State Revenues for July Ran Higher than Budget Act Forecast

September 9, 2019

After finishing fiscal year 2018-19 above the 2019-20 Budget Act forecast by $1.041 billion, preliminary General Fund agency cash for July, the first month of the 2019-20 fiscal year, was $533 million above the 2019-20 Budget Act forecast of $7.794 billion.

—Personal income tax revenues for July were $364 million above the month’s forecast of $5.403 billion. Withholding receipts were $353 million above the forecast of $5.06 billion. Other receipts were $11 million higher than the forecast of $762 million. Refunds issued in July were $7 million lower than the expected $322 million. Proposition 63 requires that 1.76 percent of total monthly personal income tax collections be transferred to the Mental Health Services Fund (MHSF). The amount transferred to the MHSF in July was $7 million higher than the forecast of $97 million...

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K–12 Education and the New State Budget

By Radhika Mehlotra, Public Policy Institute of California - Rep: August 12, 2019

The recently enacted 2019-20 budget allocates 28% of the total state budget for all K-12 education programs: $103.4 billion ($58.8 billion from the General Fund). Proposition 98, passed by the voters in 1988, establishes a minimum annual funding level for K-12 schools and community colleges. This year, the Proposition 98 funding level is $81.1 billion, bringing K-12 per-pupil expenditures to nearly $12,000. According to the Department of Finance, total per-pupil funding, including all federal, state, and local sources amounts to $17,423.

In addition, the rainy day fund requires the state to set aside savings for future education spending based on specific criteria, including General Fund tax revenue and Proposition 98 funding levels. This year, for the first time ever, the budget triggers a deposit into Public School System Stabilization Account at $376.5 million...

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CSBA, ACSA Partner on Federal Bill to Increase IDEA funding

August 12, 2019

The California School Boards Association and the Association of California School Administrators, through the CSBA/ACSA Federal Partnership, have put forward the “Funding Early Childhood is the Right IDEA Act.” H.R. 4107 was introduced today by Congressman Mark DeSaulnier (D-CA) and Congressman Rodney Davis (R-IL) and will increase funding over the next four fiscal years for early education services for the youngest students needing special education services and programs. Part C of the Individuals with Disabilities Education Act (IDEA) provides funding to states to implement a system of early intervention services for infants and toddlers with disabilities and their families – and for preschool services under Part B of IDEA.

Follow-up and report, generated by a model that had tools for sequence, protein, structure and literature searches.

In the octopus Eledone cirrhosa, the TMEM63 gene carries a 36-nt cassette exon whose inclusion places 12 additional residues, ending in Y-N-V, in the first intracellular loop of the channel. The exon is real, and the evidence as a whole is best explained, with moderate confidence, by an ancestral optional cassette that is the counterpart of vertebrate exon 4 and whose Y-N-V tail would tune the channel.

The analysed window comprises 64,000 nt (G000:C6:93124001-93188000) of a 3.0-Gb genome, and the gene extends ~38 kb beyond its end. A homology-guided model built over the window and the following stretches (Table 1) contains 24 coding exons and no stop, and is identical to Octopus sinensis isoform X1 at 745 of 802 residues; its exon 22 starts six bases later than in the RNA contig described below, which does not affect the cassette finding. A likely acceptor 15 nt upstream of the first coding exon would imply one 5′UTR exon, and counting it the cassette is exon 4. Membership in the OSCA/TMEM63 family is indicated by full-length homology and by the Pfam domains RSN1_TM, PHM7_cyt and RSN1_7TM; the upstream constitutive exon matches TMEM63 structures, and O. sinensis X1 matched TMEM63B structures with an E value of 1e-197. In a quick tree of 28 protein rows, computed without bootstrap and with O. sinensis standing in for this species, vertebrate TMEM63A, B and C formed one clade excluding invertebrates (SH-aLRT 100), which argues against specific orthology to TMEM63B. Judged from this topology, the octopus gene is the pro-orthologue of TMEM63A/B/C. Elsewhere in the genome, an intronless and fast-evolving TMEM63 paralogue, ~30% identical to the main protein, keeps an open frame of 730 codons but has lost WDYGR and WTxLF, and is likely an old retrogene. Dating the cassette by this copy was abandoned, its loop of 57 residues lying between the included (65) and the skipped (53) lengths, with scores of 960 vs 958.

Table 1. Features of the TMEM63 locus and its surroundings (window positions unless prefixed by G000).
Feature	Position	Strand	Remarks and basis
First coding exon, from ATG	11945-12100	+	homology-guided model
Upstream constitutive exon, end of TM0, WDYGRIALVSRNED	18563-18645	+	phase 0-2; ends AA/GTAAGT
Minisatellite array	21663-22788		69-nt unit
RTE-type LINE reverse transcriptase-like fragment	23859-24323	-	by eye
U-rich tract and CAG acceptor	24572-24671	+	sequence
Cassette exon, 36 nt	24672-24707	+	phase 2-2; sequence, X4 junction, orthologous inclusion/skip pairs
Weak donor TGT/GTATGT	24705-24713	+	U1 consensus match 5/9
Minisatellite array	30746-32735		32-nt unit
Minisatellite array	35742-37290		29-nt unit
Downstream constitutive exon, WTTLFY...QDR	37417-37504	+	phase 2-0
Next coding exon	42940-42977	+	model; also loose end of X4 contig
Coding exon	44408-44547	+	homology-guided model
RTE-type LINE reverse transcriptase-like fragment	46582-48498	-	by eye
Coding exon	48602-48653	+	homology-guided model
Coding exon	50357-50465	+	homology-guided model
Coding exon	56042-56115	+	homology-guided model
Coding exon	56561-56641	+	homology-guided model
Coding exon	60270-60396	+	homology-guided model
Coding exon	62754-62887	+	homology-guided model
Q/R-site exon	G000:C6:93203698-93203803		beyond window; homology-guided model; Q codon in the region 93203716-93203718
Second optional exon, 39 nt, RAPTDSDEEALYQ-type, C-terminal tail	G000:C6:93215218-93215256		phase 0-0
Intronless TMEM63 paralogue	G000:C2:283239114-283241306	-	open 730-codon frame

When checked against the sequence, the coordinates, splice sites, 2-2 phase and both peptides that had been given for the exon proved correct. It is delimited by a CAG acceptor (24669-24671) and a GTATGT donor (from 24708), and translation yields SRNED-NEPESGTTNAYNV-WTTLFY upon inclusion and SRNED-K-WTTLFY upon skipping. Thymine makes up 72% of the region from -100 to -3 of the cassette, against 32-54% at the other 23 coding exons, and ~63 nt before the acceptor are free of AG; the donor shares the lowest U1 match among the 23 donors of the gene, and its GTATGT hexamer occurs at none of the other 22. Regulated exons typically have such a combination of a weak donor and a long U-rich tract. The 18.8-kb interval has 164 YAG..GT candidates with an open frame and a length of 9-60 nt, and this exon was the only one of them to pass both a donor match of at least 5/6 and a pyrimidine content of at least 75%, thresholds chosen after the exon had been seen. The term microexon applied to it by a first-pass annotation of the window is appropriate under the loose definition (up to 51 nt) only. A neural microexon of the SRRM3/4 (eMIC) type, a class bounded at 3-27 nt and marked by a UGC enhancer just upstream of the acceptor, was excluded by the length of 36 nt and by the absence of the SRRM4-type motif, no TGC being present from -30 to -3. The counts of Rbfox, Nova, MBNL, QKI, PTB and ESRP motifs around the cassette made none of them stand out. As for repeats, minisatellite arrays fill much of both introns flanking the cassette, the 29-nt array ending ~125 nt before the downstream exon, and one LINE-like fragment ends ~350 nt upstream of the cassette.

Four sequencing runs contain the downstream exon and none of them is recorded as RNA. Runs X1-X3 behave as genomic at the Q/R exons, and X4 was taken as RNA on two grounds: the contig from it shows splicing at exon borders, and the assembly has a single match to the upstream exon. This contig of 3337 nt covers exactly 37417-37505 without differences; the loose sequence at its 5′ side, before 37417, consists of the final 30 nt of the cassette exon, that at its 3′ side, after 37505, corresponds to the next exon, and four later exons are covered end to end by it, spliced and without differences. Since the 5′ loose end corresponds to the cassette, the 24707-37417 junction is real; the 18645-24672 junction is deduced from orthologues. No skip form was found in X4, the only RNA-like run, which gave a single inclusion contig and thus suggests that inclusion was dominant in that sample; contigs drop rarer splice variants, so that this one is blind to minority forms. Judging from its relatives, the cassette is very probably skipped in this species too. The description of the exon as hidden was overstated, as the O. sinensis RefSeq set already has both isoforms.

“Over the past two decades, the needs of children and families nationwide for early intervention and preschool special education services have dramatically increased, while federal investments in these services have continuously deteriorated,” said CSBA President Emma Turner...

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School Resources and the Local Control Funding Formula: Is Increased Spending Reaching High-Need Students?

August 12, 2019

Six years after state policymakers enacted the Local Control Funding Formula (LCFF) for California’s K-12 public schools, significant additional resources are going to high-need districts, as intended. However, targeting high-need students remains a challenge, and high-need districts and schools increasingly rely on less-experienced teachers.

These are among the key findings of a report released on August 7 by the Public Policy Institute of California (PPIC).

Due in part to economic growth boosting overall state revenues, state K-12 spending has increased across all school districts since 2012-13, the year before the LCFF went into effect. But student spending rose more in high-need districts than in lower-need districts – an estimated $500 more per student. Among lower-need school districts – those with student populations that are no more than 30 percent high need – student spending increased $2,043 per pupil on average between 2012-13 and 2017-18...

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Department of Finance: State Revenues Running Slightly Above Forecast

July 29, 2019

Preliminary General Fund agency cash for the entire 2018-19 fiscal year was $1.041 billion above the 2019-20 Budget Act forecast of $143.804 billion, or 0.7 percentage point above forecast. Revenues for June were $409 million above the month’s forecast of $19.387 billion, or 2.1 percent above forecast. June cash receipts represent the second estimated payment of 40 percent of liability due mid-month for personal income tax filers and calendar-year corporations.

  1. Personal income tax revenues for the entire 2018-19 fiscal year were $523 million above the forecast of $98.505 billion. Cash receipts to the General Fund in June were $104 million above the month’s forecast of $12.776 billion. Withholding receipts were $184 million below the forecast of $5.115 billion. Other receipts were $132 million higher than the forecast of $8.405 billion. Refunds issued in June were $157 million below the expected $515 million. Proposition 63 requires that 1.76 percent of total monthly personal income tax collections be transferred to the Mental Health Services Fund (MHSF). The amount transferred to the MHSF in June was $2 million higher than the forecast of $229 million...